View Full Version : 2009 Honda Odyssey "rear shocks" again?

Phil Thien
05-18-2012, 6:46 PM
A few (maybe three) months ago we took our 2009 Honda Odyssey into the dealer for an oil change and were told it needed rear shocks. They said shocks I believe, not struts. I'm not sure which this car actually has.

Anyhow, the work was under warranty, they told us to bring it back and get the work done. We did a day or two later.

Last week we took the car in for an oil change and were told it needed "rear shocks." This time the car is out of std. warranty and into extended warranty, with $100 deductible. So I'd owe $100 for the work.

"What?" I asked. "It just had the rear shocks replaced I thought."

So the service writer looked at the records and yelled to the mechanic "it just had rear shocks two months ago."

She (service writer) seemed agitated. We were told to bring it back, because I needed some weather stripping replaced. They said they'd do shocks at that time, under warranty (no charge).

Now, there has been a recall that I found that said the rear DOOR STRUTS for cars with power rear doors. That doesn't apply do me (I have a manual tailgate). I only bring it up because I wonder if there is confusion, like the computer is telling them to check the rear struts and they (dealer/service writer/tech) are getting confused?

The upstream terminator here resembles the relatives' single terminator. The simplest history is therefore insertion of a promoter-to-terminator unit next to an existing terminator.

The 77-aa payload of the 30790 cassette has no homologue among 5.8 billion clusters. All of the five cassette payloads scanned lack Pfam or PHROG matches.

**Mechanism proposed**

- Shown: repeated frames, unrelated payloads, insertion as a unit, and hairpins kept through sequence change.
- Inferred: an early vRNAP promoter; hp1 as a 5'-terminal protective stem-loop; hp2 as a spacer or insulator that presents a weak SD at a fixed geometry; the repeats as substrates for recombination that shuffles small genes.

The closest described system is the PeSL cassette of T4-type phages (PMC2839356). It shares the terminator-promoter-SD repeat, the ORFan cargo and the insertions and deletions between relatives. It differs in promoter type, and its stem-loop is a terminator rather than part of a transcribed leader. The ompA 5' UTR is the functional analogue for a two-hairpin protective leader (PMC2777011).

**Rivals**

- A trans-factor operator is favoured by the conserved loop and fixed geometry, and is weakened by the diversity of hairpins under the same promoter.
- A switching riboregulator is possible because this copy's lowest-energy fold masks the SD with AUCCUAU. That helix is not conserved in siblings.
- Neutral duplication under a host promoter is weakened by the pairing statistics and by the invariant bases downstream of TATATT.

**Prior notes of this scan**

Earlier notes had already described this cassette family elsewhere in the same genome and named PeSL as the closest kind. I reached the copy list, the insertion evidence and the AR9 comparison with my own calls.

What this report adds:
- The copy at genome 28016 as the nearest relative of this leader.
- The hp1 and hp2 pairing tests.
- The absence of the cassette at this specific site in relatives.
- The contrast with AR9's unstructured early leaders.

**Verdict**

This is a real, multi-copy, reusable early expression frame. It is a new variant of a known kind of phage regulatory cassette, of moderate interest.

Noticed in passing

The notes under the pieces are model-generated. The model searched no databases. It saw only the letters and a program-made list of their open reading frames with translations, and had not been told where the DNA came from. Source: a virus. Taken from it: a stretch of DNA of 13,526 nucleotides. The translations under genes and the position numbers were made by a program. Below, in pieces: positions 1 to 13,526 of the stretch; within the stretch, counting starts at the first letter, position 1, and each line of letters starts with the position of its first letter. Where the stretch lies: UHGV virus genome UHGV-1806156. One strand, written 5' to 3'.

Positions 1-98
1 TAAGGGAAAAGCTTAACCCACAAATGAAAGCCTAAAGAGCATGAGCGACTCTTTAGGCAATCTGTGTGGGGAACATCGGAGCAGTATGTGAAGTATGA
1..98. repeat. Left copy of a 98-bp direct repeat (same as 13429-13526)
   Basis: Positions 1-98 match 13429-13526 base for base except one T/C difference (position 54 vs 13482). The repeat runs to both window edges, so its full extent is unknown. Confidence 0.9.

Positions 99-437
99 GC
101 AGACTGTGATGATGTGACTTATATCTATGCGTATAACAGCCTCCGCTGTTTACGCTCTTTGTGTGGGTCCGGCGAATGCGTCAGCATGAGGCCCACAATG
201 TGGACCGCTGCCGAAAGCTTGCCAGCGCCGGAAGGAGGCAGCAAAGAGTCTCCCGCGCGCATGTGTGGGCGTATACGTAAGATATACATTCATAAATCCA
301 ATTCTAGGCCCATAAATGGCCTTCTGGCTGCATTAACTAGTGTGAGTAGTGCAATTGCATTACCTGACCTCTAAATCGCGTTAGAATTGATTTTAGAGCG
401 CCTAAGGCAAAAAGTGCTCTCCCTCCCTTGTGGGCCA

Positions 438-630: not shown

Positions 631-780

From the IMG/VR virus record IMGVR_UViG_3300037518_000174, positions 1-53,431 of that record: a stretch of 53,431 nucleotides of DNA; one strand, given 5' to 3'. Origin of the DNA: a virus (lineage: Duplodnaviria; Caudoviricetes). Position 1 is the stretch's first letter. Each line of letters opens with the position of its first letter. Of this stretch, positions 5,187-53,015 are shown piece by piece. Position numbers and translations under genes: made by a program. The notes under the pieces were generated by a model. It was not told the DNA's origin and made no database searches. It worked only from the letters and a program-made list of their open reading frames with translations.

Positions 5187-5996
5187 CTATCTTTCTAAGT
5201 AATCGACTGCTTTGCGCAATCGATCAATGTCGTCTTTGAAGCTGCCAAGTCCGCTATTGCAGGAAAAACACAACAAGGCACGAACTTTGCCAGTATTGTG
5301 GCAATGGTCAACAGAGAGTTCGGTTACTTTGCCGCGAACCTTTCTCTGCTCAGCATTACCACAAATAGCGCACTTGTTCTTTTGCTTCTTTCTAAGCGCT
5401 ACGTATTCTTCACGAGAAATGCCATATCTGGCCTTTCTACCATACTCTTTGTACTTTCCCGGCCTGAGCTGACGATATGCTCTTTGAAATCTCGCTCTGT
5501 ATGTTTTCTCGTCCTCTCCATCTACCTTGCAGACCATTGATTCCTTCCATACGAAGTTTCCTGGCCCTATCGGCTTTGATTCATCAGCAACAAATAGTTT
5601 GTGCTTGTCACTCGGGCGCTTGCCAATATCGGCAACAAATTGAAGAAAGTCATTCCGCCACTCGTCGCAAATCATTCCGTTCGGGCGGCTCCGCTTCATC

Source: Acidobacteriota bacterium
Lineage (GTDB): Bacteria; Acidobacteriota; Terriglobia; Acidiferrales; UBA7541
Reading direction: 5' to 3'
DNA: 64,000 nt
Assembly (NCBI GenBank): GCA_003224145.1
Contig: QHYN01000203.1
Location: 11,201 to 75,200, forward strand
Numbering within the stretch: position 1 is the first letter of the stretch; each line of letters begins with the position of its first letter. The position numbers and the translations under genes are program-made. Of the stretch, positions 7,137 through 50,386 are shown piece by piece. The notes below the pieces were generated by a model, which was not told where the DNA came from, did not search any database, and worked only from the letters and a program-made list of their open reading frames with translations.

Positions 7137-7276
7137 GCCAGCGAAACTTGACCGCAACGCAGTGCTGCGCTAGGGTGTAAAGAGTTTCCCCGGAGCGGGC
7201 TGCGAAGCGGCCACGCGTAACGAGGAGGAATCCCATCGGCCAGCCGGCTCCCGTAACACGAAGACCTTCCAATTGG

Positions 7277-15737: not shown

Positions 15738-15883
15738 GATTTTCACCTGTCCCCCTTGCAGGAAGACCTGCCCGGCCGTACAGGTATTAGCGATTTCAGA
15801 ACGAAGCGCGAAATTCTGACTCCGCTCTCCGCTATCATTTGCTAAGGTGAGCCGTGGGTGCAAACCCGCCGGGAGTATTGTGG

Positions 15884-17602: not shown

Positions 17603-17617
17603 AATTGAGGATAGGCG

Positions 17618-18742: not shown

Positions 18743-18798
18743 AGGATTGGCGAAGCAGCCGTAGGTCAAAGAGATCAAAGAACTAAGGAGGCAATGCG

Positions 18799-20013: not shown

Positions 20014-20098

So I have questions for the auto experts here.

(1) Were they just trying to take me for $100? I mean, is this a standard "we can easily pickup a $100 bill from unsuspecting customers" scam?

(2) Would they possibly have gone bad already? Maybe it is easy to install them improperly, leading to premature failure? We never really carry anything very heavy in the car, so I don't think it would be wear/tear, and it certainly isn't abuse. Maybe there is a design problem I should know about?

(3) Can I get under the car and tell (myself) if they need replacing? The first time around, we were told they were leaking. I believe they claimed they were leaking this time, too. (3a) Is it possible to mistake road-grime for leaking shocks? If I'm told they need to be replaced in the future, what do I look for?

(4) Does this car have shocks in the rear? I'm confused about the differences between struts, and shocks.

(5) We're in the extended warranty now. The question I have (maybe I should read the contract, but I will ask here instead) is, if the dealer finds problems that won't cause harm to the car (like a leaky shock), can I wait until there are 2-3 problems and pay a single deductible? Or do I have to fix problems immediately to keep the warranty? Or is the deductible $100 per problem? This is a Honda warranty, not a third-party. Hoping someone here knows the rules on this.

The main reason we purchased this van was the dealer is very close. It would suck if I have to be suspicious of them. I don't feel suspicious at this point. But maybe I should start making all the parts on the car with a permanent marker, LOL.

I wish I knew more about cars. They don't interest me at all, I should probably get interested to avoid confusion like this.